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Dinosaur BBQ (NYC)


phaelon56
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that surely is a from the heart felt response, thanks for sending that on, Jason.

I'm totally taken back with the fact they use the same wood supplier for all three locations. While it makes great business sense, from the Dinosaur end, Shute Landscaping, must have swallowed somewhat hard, when they were approached to send a truck loaded with cordwood into Harlem.

woodburner

Not sure I'm geting your point. Is is just that its quite a distance from the upstate locations?

Mary

hi mary

it sure was my point.

rochester/syracuse/nyc are not what most would consider a perfect triangular delivery route, for a landscaping company.

my point is I applaud, dinosaur, and j. stage for going the extra mile. :wink: in doing what is right.

your fuel source turns from a consumable into an ingredient in your style of cooking. Keep in mind this is bbq, where wood is king. I'm sure there was no easy negotiation regarding the transport of wood from upstate to NYC. Stage has certainly thought this whole thing through, being that you only expected one quarter of the business that you currently see. Food supply for this type of an slaught would be overcoming to most.

Purist bbq shuts down when the food is gone for the day. I'm glad to see that the Dinosaur has thought this problem out and solved it

woodburner

Edited by woodburner (log)
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rochester/syracuse/nyc are not what most would consider a perfect triangular delivery route, for a landscaping company.

Perhaps not but have you seen the prices for firewood in the NYC area? Metro NYC area based suppliers can make a fortune selling firewood by the cord to individuals - I doubt that they'd come uop with really competitive wholesale prices for a restaurant. I'm not familiar personally with Shut but wood prcies in Syracuse can be really low if you hook up with the right people (folks who own or have really good access to a woodlot). I'll guess that it's cheaper to pay a Syracuse supplier to make the drive for a good sized load than it is to buy it in NYC with local delivery. Not to mention the peace of mind that comes from dealing with a vendor who is a known quantity and has proven to be consistent and treliable. It ain't all about price.

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Good business decision is what most comes to my mind, in keeping one wood supplier for all three locations. The Dino is basically using the same Oyler pits in their three locations, which means to me, they want to make sure that their wood supply in each place needs to be comparable, in regards to moisture content, species, and relative sizing. It would only make sense to me that they want a meal to taste the same in NYC, as one would expect to get in Syracuse or Rochester

Like I mentioned upthread, wood to a bbq place, is the second main ingredient, in their cooking, coming in behind consistent meat quality as number one. So I doubt it's a money issue with the Dinosaur, more of a logistics issue with Shute Landscaping.

woodburner

Edited by woodburner (log)
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Shute Landscaping, must have swallowed somewhat hard, when they were approached to send a truck loaded with cordwood into Harlem.

Not sure I'm geting your point. Is is just that its quite a distance from the upstate locations?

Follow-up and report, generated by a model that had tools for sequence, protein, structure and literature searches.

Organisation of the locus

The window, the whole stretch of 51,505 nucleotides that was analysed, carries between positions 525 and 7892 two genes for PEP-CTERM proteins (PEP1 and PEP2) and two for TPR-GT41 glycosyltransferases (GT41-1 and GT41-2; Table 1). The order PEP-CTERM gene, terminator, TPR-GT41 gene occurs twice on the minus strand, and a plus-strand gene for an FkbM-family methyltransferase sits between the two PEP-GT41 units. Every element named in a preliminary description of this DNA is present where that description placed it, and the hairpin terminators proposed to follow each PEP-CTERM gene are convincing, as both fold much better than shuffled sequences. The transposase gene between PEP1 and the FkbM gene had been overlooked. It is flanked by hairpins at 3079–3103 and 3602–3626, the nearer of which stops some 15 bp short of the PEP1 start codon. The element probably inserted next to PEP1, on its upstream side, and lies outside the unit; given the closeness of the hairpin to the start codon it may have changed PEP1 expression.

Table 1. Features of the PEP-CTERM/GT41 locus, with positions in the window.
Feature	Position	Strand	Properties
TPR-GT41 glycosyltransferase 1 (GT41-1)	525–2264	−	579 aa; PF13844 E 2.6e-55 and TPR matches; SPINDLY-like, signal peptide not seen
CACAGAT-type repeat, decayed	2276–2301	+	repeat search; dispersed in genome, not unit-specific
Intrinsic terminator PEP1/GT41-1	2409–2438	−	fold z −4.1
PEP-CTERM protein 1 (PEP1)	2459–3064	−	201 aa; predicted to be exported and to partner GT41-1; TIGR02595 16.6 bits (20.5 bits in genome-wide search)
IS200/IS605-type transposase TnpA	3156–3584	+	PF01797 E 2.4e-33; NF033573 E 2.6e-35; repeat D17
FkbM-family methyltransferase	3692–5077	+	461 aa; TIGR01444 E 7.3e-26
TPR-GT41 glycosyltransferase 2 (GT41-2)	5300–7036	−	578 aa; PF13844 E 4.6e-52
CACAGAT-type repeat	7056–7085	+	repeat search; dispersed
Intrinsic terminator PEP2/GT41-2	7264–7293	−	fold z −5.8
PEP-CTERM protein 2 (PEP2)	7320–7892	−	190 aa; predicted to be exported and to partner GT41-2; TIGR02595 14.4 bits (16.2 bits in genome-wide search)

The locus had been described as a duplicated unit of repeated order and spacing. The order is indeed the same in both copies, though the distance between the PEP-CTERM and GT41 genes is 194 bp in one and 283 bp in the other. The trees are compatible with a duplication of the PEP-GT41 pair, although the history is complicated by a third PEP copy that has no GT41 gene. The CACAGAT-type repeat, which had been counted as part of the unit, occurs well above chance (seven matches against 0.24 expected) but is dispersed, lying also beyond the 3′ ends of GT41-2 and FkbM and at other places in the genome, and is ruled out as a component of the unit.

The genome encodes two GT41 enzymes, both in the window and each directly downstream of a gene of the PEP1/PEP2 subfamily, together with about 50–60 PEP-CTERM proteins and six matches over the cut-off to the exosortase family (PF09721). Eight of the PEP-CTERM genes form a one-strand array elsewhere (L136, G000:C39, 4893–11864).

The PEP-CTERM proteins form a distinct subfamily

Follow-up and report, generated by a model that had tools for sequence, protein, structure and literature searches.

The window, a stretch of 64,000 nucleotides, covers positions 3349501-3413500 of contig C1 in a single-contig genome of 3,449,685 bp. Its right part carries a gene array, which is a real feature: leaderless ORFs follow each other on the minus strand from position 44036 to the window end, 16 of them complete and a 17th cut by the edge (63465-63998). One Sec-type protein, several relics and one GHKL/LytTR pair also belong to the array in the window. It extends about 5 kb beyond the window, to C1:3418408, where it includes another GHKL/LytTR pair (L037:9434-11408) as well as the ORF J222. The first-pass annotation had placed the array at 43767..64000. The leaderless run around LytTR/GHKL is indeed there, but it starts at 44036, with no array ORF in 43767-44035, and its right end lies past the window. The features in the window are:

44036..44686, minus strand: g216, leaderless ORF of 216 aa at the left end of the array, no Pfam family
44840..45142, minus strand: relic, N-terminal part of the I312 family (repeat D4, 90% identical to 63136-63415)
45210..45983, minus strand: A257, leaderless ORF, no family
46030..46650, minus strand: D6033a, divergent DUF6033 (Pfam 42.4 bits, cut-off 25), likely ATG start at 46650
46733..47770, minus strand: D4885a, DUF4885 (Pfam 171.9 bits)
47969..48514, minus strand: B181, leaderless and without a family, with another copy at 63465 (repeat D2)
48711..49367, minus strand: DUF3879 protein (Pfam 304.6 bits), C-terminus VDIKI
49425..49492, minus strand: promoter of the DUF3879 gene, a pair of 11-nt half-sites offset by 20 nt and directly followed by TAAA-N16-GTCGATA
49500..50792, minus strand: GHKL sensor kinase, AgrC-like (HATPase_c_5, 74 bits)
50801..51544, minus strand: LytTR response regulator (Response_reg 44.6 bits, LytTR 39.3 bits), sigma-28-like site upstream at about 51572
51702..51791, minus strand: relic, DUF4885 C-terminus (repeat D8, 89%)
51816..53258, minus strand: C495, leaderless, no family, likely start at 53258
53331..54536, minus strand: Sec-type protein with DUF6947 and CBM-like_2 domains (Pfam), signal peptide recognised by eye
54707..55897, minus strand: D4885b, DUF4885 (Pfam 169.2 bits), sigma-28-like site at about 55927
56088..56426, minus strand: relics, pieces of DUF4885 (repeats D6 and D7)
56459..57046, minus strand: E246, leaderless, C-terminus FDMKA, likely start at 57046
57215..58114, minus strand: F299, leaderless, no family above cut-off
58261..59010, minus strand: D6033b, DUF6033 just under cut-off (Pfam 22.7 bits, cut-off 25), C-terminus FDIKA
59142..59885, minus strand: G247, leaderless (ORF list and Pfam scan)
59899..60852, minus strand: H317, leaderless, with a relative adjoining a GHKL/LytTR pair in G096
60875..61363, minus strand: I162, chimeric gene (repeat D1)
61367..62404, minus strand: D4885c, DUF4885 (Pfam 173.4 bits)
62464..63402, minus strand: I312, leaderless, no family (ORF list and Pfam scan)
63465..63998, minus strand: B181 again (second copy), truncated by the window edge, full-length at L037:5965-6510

Mary

It's about 260 miles. But I also think he was playing around a bit about people's general perceptions about Harlem.

He must not have gotten on one of those tourist buses that ply 125th Street these days.

Sandy Smith, Exile on Oxford Circle, Philadelphia

"95% of success in life is showing up." --Woody Allen

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December 29, 2004 review by Josh Ozerky, Newsday.com

"Best Opening (Manhattan): Dinosaur BBQ.

Its ribs, reddened from and redolent of fragrant hardwood fumes, are smoked just past that magic moment when the muscle fibers begin to separate from the bone, and each other.

This Dinosaur delivers, and in spades. For me, its opening was the event of 2004".

woodburner

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December 29, 2004 review by Josh Ozerky, Newsday.com

"Best Opening (Manhattan): Dinosaur BBQ.

Its ribs, reddened from and redolent of fragrant hardwood fumes, are smoked just past that magic moment when the muscle fibers begin to separate from the bone, and each other.

This Dinosaur delivers, and in spades. For me, its opening was the event of 2004".

woodburner

And I hear Ozersky knows his meat.

JJ Goode

Co-author of Serious Barbecue, which is in stores now!

www.jjgoode.com

"For those of you following along, JJ is one of these hummingbird-metabolism types. He weighs something like eleven pounds but he can eat more than me and Jason put together..." -Fat Guy

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Just read the Village Voice review and noticed this comment:

"bombard their meat with thick wood smoke, running through hardwood by the cord (128 cubic feet) every day".

Anyone who even just dabbles in smoking meat knows that the last thing you want is "thick wood smoke." All this will get you is bitter tasting creosote stained leather.

What you need is just a light whisp of thin blue smoke (Hence the name of the "other" place).

This alone suggests to me that the reviewer had some sort of agenda...

=Mark

Give a man a fish, he eats for a Day.

Teach a man to fish, he eats for Life.

Teach a man to sell fish, he eats Steak

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Just read the Village Voice review and noticed this comment:

"bombard their meat with thick wood smoke, running through hardwood by the cord (128 cubic feet) every day".

Anyone who even just dabbles in smoking meat knows that the last thing you want is "thick wood smoke."  All this will get you is bitter tasting creosote stained leather.

What you need is just a light whisp of thin blue smoke (Hence the name of the "other" place).

This alone suggests to me that the reviewer had some sort of agenda...